Multihull Structure Thoughts

Discussion in 'Multihulls' started by oldmulti, May 27, 2019.

  1. trip the light fandango
    Joined: Apr 2018
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    Location: Rhyll Phillip Island Victoria Australia

    trip the light fandango Senior Member

    That's what I was doing today, making extensions to the cases, after reading this I might give the rest of each case a little more wriggle room, Lanolin grease is good...
     
  2. oldmulti
    Joined: May 2019
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    Location: australia

    oldmulti Senior Member

    Dick Newick was a very creative designer with superb trimarans and proa's to his name. But at times he did some other designs that were not well know but had some interesting aspects. EG Vaka Fanaua a 15m (49.2') "island freighter" trimaran for Pacific outer island communities. The boat is power by a Lug schooner rig. Lug rigs were used by british fishing boats up to 80 feet long some had over 2000 square foot of sail and were controlled by 2 men. Lug rigs only weakness is upwind where they can only point to about 50 degrees but on all other points of sail they are powerful and relatively cheap to build. Newick also did a 26 foot tri for a home builder using a lug rig. Sorry I cannot find an image on the web at the moment. Dick also had a personal 16 x 11.5 foot trimaran that he experimented with. The boat had the option of 2 lug rigs as well as a crab claw rig. Photo's below, Dick is the guy in yellow. Each of the rigs proved to be able to drive the tri to over 10 knots carrying 2 adults and a child. Newicks creativity was a loss to multihulls.
     

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  3. oldmulti
    Joined: May 2019
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    oldmulti Senior Member

    The 26 foot lug sail trimaran mention in the previous post was: "Dick Newick suggested a lug sail on his "Back to Basics" or B2 25' trimaran, for a really quick and easy setup, but I'm not aware that one was ever built. It did have a life with a conventional rig as the Argonauta transportable trimaran."
     
  4. oldmulti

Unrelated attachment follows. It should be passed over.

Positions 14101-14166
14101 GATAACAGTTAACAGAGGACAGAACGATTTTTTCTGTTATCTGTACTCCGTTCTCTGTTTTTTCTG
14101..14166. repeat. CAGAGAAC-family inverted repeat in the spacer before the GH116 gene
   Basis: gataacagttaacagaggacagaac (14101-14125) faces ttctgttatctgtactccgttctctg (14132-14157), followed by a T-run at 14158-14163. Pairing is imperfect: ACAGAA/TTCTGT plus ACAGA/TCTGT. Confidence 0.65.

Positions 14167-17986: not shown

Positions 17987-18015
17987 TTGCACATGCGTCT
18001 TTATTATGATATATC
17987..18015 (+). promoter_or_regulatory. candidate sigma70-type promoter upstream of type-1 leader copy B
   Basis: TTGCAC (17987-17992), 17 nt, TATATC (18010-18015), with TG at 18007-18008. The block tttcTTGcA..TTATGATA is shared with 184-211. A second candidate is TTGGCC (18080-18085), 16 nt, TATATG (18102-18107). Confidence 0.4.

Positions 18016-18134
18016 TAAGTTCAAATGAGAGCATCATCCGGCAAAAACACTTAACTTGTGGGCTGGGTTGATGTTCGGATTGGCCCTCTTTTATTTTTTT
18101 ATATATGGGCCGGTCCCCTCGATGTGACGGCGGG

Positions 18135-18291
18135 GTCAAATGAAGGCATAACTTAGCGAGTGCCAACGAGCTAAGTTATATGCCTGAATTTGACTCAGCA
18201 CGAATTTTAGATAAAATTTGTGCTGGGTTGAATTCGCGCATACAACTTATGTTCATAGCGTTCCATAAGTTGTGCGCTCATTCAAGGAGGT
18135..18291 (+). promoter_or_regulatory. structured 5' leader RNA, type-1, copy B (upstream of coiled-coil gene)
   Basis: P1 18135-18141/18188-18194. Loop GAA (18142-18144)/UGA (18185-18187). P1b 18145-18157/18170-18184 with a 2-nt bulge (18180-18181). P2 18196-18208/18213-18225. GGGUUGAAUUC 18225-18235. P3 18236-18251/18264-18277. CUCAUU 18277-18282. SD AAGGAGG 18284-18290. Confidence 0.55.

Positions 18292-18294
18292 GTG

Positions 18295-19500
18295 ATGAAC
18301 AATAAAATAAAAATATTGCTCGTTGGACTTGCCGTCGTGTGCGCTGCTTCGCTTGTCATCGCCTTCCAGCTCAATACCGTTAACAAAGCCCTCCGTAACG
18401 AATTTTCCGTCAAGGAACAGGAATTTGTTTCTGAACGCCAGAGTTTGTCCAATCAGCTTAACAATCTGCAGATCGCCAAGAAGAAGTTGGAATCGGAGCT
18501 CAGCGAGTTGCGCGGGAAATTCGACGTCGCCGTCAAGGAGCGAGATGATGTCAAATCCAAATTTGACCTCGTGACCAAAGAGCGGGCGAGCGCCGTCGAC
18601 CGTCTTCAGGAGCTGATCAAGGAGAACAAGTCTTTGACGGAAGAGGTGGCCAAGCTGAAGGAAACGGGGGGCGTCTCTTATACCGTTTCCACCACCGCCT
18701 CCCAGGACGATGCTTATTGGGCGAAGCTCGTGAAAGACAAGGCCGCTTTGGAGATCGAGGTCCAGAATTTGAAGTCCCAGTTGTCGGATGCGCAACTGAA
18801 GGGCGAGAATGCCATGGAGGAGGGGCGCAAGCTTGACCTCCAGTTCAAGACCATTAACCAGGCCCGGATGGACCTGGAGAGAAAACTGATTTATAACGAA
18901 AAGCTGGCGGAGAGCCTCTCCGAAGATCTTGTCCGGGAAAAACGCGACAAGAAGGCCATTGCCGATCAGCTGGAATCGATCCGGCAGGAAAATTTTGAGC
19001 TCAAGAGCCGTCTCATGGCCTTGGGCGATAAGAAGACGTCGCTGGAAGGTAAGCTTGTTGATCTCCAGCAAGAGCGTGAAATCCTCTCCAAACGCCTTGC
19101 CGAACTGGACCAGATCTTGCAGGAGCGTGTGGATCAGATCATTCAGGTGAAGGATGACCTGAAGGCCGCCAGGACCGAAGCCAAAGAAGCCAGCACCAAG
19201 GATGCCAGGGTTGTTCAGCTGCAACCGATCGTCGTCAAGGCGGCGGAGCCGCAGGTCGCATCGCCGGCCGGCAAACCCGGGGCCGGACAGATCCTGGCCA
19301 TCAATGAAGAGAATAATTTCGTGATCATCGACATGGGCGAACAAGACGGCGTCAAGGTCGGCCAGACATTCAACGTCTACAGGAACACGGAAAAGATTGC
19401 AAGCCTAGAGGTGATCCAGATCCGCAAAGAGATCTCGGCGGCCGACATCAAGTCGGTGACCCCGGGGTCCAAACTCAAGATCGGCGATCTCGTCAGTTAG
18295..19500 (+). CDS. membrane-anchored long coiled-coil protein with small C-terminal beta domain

Joined: May 2019
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    oldmulti Senior Member

    Older multihull designs often had more conventional monohull type rigs than modern 3 wire fractional multihull rigs. The older rigs could have tighter forestays and were more able to control mast bend than modern fractional rigs. Result they could point really high if they had good boards and had a stiff enough platform to mount the rig on. Modern fractional rigs can be mounted on more flexible tube cats, trimarans and if correctly setup with rotating masts etc will go to windward just as well as the older style of rigs. Both achieve the same thing but the monohull type rigs require more bits (like hydraulics, runners etc) to optimize them. Attached is an example of an older multihull rig.
     

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  5. sailhawaii
    Joined: May 2016
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    Location: Indian Harbour Beach, FL

    sailhawaii Junior Member

    Thanks for all the great info. I'm absorbing as mush as possible to use in my design.
     
  6. oldmulti
    Joined: May 2019
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    Location: australia

    oldmulti Senior Member

    One aspect of home building that is annoying is fitout equipment EG hatches, turning blocks, winches, sinks, heads etc. Do you buy equipment upfront and build to that equipment by installing the right size support blocks or inserts into foam sandwich decks etc. Some items like fridges, heads need fixed size enclosure etc. But boat builds often take years and equipment manufacturers constantly change products, so you build an area in a boat to fit sales brochure dimensions but years later you cannot buy the product. Most boat builders do not buy equipment up front, build a boat then add support blocks etc later which adds weight and may not be structurally good. Many people choose to build a boat and build equipment themselves to suit the boat. EG make there own block, hatches, windows, ice boxes etc. This allows the boat builder to design all the components and attachment points on the boat before they start to build which reduces additional work later. John Marples did a little book "Constant camber and seaclipper trimaran construction and outfitting" in 1981 that details many home built solutions to blocks, anchors, cleats, steps, draws spray hoods etc. Summary. If you are going to design/build a boat think about all the equipment the boat requires prior to commencing building. It will save a lot of fitout hassles later. An example of home built blocks below. You can make stainless steel versions just as easily.
     

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  7. oldmulti
    Joined: May 2019
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    Location: australia

    oldmulti Senior Member

    Nick Cruz is a New Zealand designer that does some interesting smaller designs for home builders. I like this boat because it is simple should be easy to build and have just enough room for a head and maybe 1 bunk. The trimaran is 21 x 14.75 feet folding to 8.5 feet. It displaces 1100 lbs and carries 285 square foot of sail. The boat is basically ply and timber and a day cat should provide the rig for the boat. The cross arms are a 150 x 50 mm timber (or lamibeam if you cannot find quality timber) covered with glass as per attached study view. The "hinges" are stainless steel. The "hinges" are basically in compression as any tension load is taken by the deema water stays. A boat that appears to be simple but has some good design features.
     

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  8. oldmulti